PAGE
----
The question is, how much should you be charging? Various factors, such as location, office space rental, licensure, staff, and income goals, come into play when determining price. Once you have all those numbers, it is important to conduct market research to ensure that your rates are competitive and attractive to potential clients.
When structuring your pricing for a private practice, you may want to consider offering packages or discounts for repeat clients to encourage loyalty.
5. Leverage Technology
Technology makes all of our lives easier. When you are able to use technology, you can streamline your practice and make it more accessible to clients. As a baseline, I suggest investing in online booking with automated intake forms.
The more you can automate the process of working with clients, the less you have to worry, and the more enjoyable it will be for clients to work with you. It gives them the freedom to book appointments after hours at their convenience. This might be included with the practice management tool you choose.
Some practice management software includes marketing automation tools. If yours does not, I suggest you use some kind of email marketing software like Constant Contact or a CRM (customer relation management) like HighLevel to track and communicate with clients.
Just a quick side note: as a private practice that does not accept insurance companies, you technically will not have to worry about HIPAA compliance. However, you may still want to look for technology that makes that a top priority since it is the expected standard of care by clients and many licensing and state boards. To learn more, listen to HIPAA and Marketing: What You Need to Know to Protect You and Your Clients.
6. Provide Excellent Service
You have the knowledge and ability to help people but ask yourself, is your practice set up to provide a fantastic client experience? This often includes leveraging technology, but it is much more than that.
To provide excellent service, creating solid processes and systems is vital. Pay close attention to every touchpoint with your business. Make sure you build a process for intake, current clients, and exiting clients. That way, they will feel taken care of and will tell everyone.
On our podcast, we recently interviewed an amazing virtual assistant who shed additional light on providing excellent service.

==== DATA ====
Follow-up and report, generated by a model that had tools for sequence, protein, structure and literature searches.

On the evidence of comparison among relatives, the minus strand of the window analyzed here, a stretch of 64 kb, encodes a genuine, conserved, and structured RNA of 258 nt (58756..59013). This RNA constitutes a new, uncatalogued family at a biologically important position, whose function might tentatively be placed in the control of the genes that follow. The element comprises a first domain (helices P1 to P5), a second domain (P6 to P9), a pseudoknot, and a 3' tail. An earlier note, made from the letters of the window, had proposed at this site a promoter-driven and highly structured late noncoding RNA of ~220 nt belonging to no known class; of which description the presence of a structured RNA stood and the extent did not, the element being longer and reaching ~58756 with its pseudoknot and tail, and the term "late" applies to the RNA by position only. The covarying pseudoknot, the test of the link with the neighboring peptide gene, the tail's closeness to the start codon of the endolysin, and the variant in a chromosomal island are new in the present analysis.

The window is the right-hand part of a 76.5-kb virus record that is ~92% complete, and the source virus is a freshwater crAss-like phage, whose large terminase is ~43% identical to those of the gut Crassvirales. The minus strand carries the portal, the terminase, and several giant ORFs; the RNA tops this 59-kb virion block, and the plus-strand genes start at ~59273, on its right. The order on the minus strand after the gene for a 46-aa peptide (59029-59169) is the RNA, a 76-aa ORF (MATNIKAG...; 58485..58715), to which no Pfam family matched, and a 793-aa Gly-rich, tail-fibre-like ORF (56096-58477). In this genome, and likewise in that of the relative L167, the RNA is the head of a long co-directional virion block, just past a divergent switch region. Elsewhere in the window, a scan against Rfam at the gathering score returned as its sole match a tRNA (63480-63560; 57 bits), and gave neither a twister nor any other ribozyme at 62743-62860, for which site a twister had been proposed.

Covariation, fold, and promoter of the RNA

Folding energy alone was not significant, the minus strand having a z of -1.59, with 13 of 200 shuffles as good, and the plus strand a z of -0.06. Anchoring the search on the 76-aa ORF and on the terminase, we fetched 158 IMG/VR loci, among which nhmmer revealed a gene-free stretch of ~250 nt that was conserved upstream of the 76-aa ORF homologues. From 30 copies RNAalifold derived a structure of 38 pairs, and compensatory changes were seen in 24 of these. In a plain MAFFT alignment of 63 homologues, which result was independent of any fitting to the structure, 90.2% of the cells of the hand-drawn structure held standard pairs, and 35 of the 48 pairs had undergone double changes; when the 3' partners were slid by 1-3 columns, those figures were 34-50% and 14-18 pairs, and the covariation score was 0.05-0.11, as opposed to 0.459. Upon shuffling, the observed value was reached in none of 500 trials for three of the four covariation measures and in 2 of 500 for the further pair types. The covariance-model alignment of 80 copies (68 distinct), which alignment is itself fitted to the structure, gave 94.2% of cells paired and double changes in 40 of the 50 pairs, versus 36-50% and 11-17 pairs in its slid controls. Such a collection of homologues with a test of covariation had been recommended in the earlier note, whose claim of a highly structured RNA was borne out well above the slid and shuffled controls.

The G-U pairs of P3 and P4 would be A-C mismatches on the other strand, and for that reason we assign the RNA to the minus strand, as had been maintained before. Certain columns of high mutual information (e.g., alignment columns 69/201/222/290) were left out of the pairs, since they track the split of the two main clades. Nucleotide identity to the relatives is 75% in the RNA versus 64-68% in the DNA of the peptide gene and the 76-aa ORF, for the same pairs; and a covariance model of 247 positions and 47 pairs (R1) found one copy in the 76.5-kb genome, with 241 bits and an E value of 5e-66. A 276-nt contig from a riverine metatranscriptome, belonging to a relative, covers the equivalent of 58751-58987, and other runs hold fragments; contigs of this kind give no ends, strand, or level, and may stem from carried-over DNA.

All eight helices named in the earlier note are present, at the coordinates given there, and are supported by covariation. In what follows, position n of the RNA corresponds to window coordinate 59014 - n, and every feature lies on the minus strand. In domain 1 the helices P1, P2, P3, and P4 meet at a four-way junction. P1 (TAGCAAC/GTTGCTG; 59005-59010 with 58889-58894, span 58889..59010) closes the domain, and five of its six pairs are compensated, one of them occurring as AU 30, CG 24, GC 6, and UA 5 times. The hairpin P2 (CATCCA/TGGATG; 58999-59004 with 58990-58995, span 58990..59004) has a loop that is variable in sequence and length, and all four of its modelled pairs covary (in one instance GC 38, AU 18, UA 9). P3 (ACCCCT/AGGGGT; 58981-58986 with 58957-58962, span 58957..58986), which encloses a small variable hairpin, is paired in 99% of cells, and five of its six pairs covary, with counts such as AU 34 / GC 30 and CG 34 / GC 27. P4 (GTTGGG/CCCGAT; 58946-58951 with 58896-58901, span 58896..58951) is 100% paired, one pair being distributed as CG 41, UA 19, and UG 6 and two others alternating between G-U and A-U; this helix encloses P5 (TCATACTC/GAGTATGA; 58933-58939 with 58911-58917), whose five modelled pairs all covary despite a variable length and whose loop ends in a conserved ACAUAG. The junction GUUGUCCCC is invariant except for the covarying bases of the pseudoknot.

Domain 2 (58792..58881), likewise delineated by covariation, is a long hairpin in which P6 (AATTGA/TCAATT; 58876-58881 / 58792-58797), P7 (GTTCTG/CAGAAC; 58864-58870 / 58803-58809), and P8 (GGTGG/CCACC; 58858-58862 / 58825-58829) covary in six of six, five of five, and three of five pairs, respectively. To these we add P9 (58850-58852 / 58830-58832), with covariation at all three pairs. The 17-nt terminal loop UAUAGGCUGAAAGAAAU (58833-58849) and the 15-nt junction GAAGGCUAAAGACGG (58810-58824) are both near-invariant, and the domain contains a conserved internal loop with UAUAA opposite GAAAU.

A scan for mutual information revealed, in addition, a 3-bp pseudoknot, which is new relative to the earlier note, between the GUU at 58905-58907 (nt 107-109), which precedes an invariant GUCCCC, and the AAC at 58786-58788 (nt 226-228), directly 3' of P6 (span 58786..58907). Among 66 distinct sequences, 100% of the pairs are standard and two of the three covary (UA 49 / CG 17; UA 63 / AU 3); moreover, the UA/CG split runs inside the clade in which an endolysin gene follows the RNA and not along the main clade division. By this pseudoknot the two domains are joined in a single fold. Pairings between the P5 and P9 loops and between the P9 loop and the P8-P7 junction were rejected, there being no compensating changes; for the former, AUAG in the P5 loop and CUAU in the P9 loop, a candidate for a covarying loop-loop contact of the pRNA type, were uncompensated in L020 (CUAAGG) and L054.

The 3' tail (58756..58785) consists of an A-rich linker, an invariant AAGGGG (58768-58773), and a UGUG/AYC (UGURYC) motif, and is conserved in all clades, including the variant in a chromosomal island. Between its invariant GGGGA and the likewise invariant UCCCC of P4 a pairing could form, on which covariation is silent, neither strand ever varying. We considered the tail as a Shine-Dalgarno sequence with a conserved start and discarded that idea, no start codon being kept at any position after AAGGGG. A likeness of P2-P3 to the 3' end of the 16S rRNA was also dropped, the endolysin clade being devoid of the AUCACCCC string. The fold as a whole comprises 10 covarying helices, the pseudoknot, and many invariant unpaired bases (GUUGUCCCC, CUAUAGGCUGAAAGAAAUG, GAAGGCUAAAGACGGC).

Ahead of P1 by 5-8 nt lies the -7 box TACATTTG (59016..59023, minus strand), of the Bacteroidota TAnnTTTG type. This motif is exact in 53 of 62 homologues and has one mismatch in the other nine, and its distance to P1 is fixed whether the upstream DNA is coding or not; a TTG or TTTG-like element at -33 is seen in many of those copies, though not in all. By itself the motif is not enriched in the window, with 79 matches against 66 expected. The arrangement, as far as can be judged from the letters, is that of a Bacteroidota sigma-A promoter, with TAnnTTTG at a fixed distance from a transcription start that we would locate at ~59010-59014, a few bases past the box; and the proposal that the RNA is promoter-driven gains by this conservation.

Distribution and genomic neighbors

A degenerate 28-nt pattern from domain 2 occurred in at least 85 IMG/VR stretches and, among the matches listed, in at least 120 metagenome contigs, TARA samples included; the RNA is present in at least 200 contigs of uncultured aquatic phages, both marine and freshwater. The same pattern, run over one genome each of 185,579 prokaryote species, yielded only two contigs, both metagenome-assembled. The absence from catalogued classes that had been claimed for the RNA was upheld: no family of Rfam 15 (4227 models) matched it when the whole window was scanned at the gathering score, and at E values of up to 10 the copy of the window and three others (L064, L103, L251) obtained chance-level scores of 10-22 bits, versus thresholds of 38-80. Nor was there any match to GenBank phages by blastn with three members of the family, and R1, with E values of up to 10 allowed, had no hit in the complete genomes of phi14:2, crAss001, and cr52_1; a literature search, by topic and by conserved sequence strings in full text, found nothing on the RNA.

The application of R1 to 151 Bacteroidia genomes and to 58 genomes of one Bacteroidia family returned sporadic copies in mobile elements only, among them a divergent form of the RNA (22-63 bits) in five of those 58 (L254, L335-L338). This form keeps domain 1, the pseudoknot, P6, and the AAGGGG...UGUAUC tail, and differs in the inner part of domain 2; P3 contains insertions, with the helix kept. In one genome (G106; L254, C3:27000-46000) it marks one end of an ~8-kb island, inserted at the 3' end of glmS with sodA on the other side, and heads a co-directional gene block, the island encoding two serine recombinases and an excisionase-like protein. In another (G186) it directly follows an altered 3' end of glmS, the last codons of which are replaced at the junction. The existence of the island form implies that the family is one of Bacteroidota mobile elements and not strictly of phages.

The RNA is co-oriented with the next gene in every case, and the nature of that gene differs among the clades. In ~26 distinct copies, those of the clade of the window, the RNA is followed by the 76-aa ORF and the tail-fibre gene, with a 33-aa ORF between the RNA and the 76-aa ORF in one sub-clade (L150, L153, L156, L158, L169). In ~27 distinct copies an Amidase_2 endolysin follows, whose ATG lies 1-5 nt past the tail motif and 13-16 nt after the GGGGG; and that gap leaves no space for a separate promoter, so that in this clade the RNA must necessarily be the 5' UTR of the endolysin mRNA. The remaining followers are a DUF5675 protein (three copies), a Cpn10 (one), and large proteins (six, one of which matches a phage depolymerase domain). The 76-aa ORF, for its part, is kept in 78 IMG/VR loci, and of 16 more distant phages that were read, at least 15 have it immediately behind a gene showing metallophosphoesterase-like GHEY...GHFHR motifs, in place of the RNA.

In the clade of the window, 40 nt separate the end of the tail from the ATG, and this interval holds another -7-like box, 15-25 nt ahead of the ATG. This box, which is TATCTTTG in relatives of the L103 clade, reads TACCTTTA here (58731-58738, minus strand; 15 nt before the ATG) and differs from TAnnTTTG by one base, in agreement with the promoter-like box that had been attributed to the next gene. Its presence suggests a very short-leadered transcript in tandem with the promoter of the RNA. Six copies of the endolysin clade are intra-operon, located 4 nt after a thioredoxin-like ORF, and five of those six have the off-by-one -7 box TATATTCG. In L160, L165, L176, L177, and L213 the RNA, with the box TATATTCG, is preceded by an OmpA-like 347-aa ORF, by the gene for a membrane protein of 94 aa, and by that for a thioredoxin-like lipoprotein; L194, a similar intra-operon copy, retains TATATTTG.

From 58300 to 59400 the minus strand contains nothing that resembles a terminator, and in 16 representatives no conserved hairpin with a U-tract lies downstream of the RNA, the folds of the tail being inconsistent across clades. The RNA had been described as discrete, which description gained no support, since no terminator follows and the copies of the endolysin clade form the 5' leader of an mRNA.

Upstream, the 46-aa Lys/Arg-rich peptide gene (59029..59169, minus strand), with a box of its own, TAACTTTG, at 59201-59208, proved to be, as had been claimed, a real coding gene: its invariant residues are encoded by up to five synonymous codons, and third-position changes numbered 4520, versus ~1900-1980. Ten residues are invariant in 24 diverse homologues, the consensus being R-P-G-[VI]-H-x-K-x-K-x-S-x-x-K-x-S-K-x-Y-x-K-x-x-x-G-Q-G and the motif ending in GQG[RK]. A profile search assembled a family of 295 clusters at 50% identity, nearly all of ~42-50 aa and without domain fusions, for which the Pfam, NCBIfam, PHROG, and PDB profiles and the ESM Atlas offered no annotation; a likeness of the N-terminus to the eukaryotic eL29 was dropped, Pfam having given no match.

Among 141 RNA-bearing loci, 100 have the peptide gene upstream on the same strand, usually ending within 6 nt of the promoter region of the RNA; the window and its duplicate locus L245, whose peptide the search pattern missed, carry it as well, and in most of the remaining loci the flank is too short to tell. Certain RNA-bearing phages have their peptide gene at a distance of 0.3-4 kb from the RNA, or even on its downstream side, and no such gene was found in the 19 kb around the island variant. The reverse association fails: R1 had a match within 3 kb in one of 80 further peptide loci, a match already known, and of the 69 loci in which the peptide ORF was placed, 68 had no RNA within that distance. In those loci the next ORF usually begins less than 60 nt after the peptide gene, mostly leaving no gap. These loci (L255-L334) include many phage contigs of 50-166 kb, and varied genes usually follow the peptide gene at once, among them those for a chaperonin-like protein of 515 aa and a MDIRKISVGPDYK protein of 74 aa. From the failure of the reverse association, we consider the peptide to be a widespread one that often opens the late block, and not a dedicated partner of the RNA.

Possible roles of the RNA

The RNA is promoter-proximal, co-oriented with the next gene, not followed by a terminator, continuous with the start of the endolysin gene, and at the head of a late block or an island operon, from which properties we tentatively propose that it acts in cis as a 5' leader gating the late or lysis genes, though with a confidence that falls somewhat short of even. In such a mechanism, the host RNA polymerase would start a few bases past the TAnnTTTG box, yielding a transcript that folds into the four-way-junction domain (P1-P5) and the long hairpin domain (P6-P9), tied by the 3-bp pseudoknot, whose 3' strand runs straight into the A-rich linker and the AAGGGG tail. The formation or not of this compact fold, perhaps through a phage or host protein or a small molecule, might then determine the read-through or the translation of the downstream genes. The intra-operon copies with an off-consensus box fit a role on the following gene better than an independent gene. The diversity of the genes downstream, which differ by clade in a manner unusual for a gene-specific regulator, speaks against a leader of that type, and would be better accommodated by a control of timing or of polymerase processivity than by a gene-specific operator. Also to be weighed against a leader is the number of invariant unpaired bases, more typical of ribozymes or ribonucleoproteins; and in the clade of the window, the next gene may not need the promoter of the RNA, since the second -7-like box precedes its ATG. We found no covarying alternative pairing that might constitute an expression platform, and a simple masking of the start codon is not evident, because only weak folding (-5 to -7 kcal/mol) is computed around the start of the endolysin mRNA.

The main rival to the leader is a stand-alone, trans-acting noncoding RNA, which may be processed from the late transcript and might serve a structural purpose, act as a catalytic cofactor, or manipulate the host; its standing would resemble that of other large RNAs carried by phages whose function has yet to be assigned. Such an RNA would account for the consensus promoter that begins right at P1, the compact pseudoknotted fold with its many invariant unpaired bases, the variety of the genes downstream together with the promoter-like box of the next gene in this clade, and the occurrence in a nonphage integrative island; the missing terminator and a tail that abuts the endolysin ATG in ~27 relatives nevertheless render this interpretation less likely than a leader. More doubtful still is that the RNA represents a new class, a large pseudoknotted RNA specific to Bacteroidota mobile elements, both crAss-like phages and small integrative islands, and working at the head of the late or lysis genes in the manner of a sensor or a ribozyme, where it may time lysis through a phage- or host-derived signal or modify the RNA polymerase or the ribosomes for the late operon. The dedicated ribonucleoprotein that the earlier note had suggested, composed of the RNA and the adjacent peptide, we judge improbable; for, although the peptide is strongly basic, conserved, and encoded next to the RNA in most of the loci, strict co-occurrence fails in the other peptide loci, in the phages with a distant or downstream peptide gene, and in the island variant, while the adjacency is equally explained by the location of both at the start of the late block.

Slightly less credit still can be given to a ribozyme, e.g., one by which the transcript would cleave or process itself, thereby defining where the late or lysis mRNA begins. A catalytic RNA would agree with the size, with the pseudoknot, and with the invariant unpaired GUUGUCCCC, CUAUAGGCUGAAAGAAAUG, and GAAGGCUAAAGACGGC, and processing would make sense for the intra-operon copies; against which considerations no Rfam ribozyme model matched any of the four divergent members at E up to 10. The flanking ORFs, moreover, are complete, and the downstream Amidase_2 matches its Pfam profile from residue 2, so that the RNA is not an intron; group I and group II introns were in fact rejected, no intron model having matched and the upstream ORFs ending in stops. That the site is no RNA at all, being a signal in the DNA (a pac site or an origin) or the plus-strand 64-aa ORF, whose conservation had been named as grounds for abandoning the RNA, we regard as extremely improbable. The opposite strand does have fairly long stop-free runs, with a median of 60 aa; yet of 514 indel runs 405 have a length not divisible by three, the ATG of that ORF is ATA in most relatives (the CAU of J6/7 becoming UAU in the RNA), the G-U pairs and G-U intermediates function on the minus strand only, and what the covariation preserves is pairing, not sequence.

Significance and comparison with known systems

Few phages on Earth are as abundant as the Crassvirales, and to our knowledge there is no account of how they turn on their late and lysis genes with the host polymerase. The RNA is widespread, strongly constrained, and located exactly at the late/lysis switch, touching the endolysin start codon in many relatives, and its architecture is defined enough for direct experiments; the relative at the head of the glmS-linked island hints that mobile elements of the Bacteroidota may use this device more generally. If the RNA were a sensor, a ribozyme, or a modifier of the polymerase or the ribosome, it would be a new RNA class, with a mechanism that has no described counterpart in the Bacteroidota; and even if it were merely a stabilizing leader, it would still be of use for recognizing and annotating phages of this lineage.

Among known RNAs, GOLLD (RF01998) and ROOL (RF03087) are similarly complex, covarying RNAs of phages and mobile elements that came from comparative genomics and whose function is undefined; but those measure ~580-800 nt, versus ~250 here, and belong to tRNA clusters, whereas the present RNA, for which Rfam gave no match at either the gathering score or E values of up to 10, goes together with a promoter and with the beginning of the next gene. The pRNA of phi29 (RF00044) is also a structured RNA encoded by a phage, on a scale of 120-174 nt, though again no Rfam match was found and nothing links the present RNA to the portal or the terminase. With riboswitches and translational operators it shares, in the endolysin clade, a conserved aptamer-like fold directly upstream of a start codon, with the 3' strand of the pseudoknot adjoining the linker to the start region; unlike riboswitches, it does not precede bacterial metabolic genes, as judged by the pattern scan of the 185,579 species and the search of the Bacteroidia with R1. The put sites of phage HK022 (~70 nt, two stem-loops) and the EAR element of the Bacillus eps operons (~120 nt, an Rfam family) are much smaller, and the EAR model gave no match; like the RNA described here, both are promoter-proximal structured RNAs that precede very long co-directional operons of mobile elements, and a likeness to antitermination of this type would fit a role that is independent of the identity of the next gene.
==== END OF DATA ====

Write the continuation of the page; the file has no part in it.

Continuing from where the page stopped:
7. Measure and Adapt
You’ve made it to the final step! Measure the success of your practice regularly and adapt your strategies as needed.
This could include tracking your conversion rates, client satisfaction, and retention rates. Set reminders to do this every 3-6 months. The more you review and revise, the more streamlined your practice will become, and clients will rave about your services.
Here are a few bonus tips to help build your private practice.
- Offer free 15-minute consultations. Therapy is very personal, so personality matters. Let them get to know you!
- Become the authority in the field. Create blog and social media content that answers ALL the questions a potential client might have about your therapy.
- Educate prospective and new clients. Create a getting started guide. This will help you to create clear expectations when working together and what they can expect from working with you.
I know that was a lot, but it doesn't all need to be done in a day or month. Focus on one or two of these suggestions and slowly add the others as you establish your practice.
Building a practice takes work, whether you accept insurance or not. The big difference is that a private pay model will occasionally encounter objections to price.
It is essential to know how to overcome price objections. Be transparent and make sure people understand the benefits of working with a private pay practice versus a practice that accepts insurance.